“It’s all too common to overhear someone complaining about how ‘long’ the flight is from New York to Los Angeles. Had any of us been born just a few hundred years earlier, a trip to California would have consisted of a six-month ride in a bumpyass covered wagon. Business class could be defined as not being scalped by Indians or dying from dysentery.”

 

Thank you, Joshua Gates! Seriously. Mark Twain wrote, “Travel is fatal to prejudice, bigotry, and narrow-mindedness, and many of our people need it sorely on these accounts. Broad, wholesome, charitable views of men and things cannot be acquired by vegetating in one little corner of the earth all one’s lifetime.” IN 1857, PEOPLE. Nothing has changed! It’s more than a little depressing, if you ask me.  Destination Truth: Memoirs of a Monster Hunter will instill in you the adventure bug that most of us need and, hopefully, open your eyes to how unbelievably easy it is to do just that: have adventures.

 

And now onto the miscellany! I thought the chapter (15) recounting time spent in Chernobyl was oddly poignant and super eerie. In all fairness, it might be because I was half watching Anthony Bourdain visit the famously melted nuclear reactor, worrying mostly about his testicles, while I was reading it.  Worst. Vacation. Ever. and Threes and the Christmas Miracle of Whore-Dice are particularly hilarious true-story-but-could-be-fiction chapters and I’ll say it again: read what he has to say about travel.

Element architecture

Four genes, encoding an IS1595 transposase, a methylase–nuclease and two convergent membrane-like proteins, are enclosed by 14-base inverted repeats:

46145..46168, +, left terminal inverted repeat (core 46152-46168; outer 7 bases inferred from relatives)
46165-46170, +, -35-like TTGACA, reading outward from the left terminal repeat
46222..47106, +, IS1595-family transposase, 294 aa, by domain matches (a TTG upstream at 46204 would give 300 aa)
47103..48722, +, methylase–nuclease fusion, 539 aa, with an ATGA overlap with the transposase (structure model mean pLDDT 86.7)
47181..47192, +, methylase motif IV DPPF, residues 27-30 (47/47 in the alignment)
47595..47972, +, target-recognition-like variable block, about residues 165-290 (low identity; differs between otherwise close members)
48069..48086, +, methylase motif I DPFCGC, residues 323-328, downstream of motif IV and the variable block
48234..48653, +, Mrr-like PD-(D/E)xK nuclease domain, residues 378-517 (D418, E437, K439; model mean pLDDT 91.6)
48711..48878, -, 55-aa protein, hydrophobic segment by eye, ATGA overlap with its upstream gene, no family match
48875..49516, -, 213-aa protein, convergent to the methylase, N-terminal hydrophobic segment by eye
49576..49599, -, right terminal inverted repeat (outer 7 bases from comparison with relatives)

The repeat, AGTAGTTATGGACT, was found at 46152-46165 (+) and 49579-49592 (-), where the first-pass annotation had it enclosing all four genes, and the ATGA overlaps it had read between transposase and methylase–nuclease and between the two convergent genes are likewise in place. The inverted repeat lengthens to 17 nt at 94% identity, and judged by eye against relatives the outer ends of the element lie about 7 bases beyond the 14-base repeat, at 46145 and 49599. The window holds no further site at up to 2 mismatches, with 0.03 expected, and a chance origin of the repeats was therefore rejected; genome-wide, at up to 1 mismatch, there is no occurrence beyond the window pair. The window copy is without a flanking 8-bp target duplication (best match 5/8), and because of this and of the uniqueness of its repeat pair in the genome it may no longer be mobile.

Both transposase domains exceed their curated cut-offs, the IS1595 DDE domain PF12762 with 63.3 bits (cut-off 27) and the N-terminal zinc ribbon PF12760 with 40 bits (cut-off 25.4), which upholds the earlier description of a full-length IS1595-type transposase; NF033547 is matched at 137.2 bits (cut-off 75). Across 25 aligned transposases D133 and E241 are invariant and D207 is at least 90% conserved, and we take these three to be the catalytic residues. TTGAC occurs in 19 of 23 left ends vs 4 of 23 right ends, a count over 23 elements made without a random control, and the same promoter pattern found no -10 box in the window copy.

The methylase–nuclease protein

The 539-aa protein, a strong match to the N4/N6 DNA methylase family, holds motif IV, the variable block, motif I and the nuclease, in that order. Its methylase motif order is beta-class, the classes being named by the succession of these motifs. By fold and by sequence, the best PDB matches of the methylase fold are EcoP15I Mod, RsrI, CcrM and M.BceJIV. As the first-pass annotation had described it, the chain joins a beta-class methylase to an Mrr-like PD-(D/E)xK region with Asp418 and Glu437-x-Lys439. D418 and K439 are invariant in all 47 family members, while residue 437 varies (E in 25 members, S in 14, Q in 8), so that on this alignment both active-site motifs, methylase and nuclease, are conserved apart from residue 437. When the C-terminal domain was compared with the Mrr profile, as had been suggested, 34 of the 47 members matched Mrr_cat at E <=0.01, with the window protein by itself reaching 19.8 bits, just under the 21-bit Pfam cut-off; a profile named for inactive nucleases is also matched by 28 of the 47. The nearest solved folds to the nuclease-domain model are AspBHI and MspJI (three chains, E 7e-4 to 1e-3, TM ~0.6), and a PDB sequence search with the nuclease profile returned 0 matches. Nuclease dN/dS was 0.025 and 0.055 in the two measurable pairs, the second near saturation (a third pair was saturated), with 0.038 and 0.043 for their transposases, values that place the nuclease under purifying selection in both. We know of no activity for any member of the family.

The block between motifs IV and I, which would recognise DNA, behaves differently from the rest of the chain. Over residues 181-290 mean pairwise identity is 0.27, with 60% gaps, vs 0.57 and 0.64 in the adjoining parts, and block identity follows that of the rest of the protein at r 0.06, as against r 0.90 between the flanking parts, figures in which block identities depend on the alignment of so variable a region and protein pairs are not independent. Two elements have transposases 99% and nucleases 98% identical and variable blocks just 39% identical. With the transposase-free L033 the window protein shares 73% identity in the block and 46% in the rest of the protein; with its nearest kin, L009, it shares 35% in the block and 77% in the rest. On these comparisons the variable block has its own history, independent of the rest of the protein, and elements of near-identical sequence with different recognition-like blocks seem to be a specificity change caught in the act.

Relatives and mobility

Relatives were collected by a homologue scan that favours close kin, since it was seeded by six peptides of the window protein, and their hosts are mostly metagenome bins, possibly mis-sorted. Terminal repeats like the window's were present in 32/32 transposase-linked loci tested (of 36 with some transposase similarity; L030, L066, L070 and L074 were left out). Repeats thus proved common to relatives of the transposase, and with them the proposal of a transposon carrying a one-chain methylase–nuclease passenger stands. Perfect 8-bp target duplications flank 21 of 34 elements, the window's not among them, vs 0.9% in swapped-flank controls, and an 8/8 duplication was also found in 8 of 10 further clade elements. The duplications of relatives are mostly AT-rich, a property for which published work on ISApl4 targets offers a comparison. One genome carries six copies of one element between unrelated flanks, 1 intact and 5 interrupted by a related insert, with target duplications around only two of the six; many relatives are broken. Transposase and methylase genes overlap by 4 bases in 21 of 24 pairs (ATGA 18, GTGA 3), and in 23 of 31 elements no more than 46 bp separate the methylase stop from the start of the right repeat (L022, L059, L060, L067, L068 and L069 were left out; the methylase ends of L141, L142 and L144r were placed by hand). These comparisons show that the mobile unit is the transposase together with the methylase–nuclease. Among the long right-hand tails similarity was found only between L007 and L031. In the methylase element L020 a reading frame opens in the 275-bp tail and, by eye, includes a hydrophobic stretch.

My favorite line from the book, aside from the above mentioned, is a tossup between “Luckily, Buddhist monks throw like little girls, and I’m able to dodge the projectile,” or “With our gear and crew atop our stupid camels, we make our way through the relentless afternoon heat and into the Valley of the Kings.”  I don’t know why those two stuck out when there are literally dozens of hilarious one-liners to choose from — the latter is particularly hilarious after the camel-hating rant a paragraph before — but I think it’s because they give a broad perspective on just how many places to which you’re going to armchair-adventure in this book. From annoyed monks to annoying camels to the roofs flying off of airplanes, you never know where he’s headed next. The fact that Gates thanks Steven Spielberg for “every movie you made before 1994 and for four of the movies you’ve made since then” and Diet Coke in his acknowledgments just makes me love this even more.

Destination Truth: Memoirs of a Monster Hunter is a relatively short and definitely easy read thanks in large part to Gates’s writing style and, most importantly, it’s just plain fun. Pick it up, preferably while you’re on a flight to some far-flung country, ready to embark on a brand new adventure. That’s what the spirit of this book is about, and it’ll be the only thing on your mind for weeks afterward, if you’re lucky.

Travel, people. Do it often and do it fearlessly. To quote another of my favorite phrases mentioned in the book, “Please go away. Often.”

As usual, you can find me on the Twitters, leave a comment here or email me ([email protected])! Happy reading!